A way of using plant beds for home sewage treatment as an alternative to septic tanks has been developed by a French company and approved by the authorities.
Large sewage plants have used reed beds as part of the treatment process for years.
In the 1990s, smaller systems were also developed for village-scale treatment plants in France.
One of the people who helped sell the small systems, Martin Werckmann, says he was approached by someone in 2003 who was looking for something similar to install in a new-build eco home in Brittany.
“Through my work, I knew most of the players in the field and together we came up with a system,” Mr Werckmann said.
“We got approval, and in 2007 formed our company Aquatiris to develop the idea.”
Ministerial approval given for current system
Early research was backed by Brittany regional council, and a 2009 law change made it easier for plant-based systems to be considered by authorities.
“The timing was perfect,” said Mr Werckmann.
The firm has since been given ministerial approval for an improved process it developed in 2014, which is the basis for all the systems it now installs.
Reeds are the most efficient plants for treating sewage, growing from rhizomes in the spring and dying back in winter.
Some people cut them back when they start to look messy in winter, but others leave them as they are until the following year’s reeds push through. The firm claims there are no unwanted smells.
Other flowers and shrubs can be grown alongside them and behind the bed, and the treated water keeps them irrigated.
The treatment process is called phytoépuration, or phyto-purification, and relies on the filtering effect of the plants’ roots, coupled with bacteria and other microorganisms.
The first year is often the most difficult
Aquatiris is continuing to expand through a system of franchises with septic tank installers and landscapers, who are trained to install the beds.
Prices are usually 20% more expensive than a septic tank installation.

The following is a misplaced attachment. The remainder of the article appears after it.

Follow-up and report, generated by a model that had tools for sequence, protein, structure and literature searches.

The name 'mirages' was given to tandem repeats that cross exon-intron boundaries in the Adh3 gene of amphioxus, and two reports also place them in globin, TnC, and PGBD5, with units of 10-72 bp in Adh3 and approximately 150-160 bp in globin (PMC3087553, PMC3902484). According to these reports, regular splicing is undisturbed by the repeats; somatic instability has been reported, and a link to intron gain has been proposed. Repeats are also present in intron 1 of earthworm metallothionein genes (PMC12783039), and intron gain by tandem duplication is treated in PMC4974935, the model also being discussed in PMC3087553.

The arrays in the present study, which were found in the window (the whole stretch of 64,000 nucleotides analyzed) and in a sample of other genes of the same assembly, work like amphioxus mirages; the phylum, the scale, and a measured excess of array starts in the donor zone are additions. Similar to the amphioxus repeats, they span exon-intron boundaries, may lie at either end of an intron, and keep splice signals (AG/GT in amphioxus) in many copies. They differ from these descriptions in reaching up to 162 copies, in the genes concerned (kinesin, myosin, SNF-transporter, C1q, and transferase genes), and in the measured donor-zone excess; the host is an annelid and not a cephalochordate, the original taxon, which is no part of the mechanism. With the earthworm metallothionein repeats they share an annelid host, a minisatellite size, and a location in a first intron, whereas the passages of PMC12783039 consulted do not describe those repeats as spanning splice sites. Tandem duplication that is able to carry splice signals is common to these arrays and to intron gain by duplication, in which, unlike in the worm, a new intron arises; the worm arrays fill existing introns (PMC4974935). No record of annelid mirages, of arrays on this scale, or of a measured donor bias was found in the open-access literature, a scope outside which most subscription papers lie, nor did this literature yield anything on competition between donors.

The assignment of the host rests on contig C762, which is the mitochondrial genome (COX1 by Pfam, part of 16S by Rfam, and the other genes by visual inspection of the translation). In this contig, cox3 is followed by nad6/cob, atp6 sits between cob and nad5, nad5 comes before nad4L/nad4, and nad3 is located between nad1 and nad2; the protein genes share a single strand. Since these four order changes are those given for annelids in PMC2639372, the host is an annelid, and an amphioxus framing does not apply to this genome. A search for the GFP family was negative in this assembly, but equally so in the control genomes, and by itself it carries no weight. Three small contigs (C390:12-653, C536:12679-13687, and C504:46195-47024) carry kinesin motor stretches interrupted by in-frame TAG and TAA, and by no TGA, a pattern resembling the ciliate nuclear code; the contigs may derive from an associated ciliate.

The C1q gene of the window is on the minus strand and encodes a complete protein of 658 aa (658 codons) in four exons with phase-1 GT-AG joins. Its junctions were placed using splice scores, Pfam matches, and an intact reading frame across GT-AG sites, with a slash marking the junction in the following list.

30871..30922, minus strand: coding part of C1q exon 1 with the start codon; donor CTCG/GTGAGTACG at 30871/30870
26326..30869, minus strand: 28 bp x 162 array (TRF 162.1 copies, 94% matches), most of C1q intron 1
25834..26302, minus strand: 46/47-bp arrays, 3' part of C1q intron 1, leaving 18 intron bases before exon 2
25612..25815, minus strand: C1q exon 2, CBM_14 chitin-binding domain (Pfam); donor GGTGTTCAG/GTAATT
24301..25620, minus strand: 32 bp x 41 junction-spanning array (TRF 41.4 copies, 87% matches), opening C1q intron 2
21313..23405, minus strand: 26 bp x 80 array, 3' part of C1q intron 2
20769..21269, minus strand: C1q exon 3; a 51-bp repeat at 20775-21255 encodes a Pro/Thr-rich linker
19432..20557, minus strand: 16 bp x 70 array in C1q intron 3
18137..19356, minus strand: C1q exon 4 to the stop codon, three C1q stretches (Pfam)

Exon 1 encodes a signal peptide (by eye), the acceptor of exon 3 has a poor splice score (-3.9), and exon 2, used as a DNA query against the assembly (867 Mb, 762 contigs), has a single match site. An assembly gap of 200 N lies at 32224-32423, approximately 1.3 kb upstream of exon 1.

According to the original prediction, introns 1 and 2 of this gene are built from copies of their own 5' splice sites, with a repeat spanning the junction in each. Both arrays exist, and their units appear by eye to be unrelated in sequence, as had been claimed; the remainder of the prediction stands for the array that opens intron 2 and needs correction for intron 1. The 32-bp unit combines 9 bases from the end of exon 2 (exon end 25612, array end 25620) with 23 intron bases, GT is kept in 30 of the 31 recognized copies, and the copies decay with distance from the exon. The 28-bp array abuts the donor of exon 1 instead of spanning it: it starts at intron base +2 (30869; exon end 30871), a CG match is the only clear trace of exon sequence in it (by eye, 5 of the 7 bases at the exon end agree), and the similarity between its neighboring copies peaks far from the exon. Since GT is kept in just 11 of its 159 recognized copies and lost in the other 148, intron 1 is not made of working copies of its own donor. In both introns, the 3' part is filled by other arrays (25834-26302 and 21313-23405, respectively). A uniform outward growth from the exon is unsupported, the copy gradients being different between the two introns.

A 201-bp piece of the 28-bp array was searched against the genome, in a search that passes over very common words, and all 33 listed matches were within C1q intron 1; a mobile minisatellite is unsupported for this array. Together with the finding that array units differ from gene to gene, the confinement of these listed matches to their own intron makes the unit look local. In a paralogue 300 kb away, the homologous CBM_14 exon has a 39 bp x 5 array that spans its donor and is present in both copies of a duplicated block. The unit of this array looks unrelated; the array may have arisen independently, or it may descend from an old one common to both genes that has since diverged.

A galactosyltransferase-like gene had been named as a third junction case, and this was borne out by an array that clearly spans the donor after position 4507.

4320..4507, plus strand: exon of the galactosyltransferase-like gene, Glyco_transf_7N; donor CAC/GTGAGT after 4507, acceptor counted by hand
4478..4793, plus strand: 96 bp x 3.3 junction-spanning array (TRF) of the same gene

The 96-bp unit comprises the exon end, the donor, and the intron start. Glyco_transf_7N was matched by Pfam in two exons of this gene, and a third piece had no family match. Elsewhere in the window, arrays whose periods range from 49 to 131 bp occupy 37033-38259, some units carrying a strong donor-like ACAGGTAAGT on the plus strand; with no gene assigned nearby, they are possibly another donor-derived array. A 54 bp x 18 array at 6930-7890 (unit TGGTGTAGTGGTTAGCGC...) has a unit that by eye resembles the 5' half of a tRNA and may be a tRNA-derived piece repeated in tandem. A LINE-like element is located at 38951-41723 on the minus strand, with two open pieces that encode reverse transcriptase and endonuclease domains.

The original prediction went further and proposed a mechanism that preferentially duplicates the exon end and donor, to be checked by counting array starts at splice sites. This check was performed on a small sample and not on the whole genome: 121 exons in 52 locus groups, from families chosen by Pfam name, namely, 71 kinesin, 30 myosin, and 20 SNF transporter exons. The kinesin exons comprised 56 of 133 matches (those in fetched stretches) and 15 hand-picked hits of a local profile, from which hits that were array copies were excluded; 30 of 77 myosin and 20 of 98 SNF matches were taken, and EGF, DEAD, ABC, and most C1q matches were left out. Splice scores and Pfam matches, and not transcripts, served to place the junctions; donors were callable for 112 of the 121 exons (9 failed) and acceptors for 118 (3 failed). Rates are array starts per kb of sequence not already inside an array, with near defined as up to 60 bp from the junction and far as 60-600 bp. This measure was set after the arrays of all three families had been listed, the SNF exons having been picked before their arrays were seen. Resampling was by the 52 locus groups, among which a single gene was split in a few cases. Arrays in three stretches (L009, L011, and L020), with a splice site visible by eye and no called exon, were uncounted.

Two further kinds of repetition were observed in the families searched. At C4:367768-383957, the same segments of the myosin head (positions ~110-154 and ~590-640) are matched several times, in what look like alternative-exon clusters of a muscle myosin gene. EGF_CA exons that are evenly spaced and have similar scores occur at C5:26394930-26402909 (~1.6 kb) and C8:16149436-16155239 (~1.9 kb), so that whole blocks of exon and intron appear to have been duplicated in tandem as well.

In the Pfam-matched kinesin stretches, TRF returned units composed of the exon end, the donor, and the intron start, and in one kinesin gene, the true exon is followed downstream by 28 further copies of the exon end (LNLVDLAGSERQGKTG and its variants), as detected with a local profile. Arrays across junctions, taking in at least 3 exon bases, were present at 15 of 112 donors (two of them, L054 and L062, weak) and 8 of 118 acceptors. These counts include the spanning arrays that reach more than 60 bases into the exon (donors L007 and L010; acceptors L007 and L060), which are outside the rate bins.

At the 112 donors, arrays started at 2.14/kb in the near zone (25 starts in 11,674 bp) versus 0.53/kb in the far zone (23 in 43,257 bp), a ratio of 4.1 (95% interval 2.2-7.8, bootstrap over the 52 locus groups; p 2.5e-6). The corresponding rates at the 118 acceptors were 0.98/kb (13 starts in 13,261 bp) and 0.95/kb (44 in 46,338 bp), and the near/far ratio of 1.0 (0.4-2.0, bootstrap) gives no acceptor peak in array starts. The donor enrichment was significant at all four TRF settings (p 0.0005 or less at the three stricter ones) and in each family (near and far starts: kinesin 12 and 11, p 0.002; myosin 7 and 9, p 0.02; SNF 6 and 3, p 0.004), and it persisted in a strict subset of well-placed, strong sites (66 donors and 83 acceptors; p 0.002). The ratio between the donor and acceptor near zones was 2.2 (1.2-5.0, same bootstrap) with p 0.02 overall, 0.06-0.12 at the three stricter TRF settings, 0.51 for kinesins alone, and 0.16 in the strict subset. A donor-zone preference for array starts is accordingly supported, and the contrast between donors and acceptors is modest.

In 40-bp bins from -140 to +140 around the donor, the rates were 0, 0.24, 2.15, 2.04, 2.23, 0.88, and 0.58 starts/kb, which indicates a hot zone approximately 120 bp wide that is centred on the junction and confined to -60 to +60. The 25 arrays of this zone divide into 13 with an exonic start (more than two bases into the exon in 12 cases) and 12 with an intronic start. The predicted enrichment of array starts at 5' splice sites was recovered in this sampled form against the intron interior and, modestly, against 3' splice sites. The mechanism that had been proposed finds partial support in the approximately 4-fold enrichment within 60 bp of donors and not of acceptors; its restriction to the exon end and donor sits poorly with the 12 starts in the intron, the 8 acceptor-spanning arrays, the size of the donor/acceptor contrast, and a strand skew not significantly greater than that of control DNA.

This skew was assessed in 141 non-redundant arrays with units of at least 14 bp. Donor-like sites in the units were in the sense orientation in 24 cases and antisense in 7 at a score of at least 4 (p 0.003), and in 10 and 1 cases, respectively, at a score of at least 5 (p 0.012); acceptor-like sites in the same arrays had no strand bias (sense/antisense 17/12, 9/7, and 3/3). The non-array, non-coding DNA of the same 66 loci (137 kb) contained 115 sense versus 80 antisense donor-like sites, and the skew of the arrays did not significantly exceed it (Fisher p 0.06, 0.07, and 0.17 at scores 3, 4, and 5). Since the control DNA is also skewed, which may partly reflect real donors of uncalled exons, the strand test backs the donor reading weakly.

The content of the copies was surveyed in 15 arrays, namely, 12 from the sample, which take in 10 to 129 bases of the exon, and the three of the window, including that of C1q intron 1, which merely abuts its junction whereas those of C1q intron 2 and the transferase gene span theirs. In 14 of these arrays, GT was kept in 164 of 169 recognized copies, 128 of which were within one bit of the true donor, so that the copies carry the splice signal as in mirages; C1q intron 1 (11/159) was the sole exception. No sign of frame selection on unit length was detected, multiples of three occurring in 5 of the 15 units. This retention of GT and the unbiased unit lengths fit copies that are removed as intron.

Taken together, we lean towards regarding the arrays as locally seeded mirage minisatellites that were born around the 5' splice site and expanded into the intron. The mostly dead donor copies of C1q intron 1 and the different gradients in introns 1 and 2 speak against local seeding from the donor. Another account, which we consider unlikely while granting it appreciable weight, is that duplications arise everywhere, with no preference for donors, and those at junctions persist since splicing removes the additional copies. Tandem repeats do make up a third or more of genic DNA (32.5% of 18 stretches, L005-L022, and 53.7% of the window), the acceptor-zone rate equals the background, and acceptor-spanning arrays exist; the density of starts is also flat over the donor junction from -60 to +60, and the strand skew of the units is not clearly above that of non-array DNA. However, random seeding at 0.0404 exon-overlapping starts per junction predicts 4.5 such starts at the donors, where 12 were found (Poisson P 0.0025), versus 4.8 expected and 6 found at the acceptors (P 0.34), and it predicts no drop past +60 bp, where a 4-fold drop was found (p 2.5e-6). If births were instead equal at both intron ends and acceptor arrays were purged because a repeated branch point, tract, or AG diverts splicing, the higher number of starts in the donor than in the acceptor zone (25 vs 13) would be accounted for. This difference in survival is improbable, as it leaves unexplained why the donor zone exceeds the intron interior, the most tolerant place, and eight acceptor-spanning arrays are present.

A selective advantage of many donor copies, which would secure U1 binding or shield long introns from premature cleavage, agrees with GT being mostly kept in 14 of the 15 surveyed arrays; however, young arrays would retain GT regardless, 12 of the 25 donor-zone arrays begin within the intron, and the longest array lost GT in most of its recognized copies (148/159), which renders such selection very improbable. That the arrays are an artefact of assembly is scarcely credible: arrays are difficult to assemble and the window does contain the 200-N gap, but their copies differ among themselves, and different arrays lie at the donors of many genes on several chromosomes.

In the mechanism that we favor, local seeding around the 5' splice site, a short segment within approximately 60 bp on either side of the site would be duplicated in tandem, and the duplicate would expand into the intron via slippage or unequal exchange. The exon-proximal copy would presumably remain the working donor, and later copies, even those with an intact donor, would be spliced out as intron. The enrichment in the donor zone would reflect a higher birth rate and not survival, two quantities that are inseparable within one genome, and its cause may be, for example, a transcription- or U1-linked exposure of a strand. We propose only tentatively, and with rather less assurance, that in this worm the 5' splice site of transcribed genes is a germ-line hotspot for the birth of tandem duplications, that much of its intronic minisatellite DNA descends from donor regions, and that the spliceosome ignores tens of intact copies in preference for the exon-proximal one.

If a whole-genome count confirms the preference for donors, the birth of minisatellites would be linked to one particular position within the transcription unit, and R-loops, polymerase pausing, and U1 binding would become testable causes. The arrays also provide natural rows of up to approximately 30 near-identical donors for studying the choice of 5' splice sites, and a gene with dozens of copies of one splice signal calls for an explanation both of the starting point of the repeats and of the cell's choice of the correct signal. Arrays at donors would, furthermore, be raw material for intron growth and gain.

“Obviously, with a very small garden, things get complicated, but if it is bigger than 200m² there is usually no problem installing one of our systems,” said Mr Werckmann.
The first year is often the most difficult: while the young reeds are growing, they do not shield the toilet paper and other solids that arrive in the bed.
A grille is installed, which hides the filter and for the reeds to grow through, and sometimes an additional cover is put in place until the reeds are full size.
Mr Werckmann said the system appeals to environmentally-conscious people because, unlike septic tanks, it does not emit large amounts of methane or sulphur dioxide.
The reed beds also provide a feature in the garden, and there are fewer breather pipes and inspection hatches than with septic tanks.
“It is more expensive, but the running costs are minimal, there is no need for the tank to be emptied, and there are no electric pumps,” he said.
Drainage out of the reed beds is optimised to act as irrigation for flowerbeds or shrubs, but should not be directed to vegetable beds.
System is suitable for second homes
The reeds die down in dry spells when the house is not occupied and there is no water from the drainage system, but quickly regenerate when the house is used.
With a full set of official certifications, approval by local authorities is usually straightforward.
The firm has also developed a system of grey water recovery to treat water from showers, baths or sinks for use in vegetable beds.
It involves putting a valve on a downpipe and directing the water to a large pot filled with a filtering plant. A second pipe at the bottom of the pot leads to the garden.
“It works very well in summer,” Mr Werckmann said.
“In winter, you simply turn the valve so it flows into the usual system again.”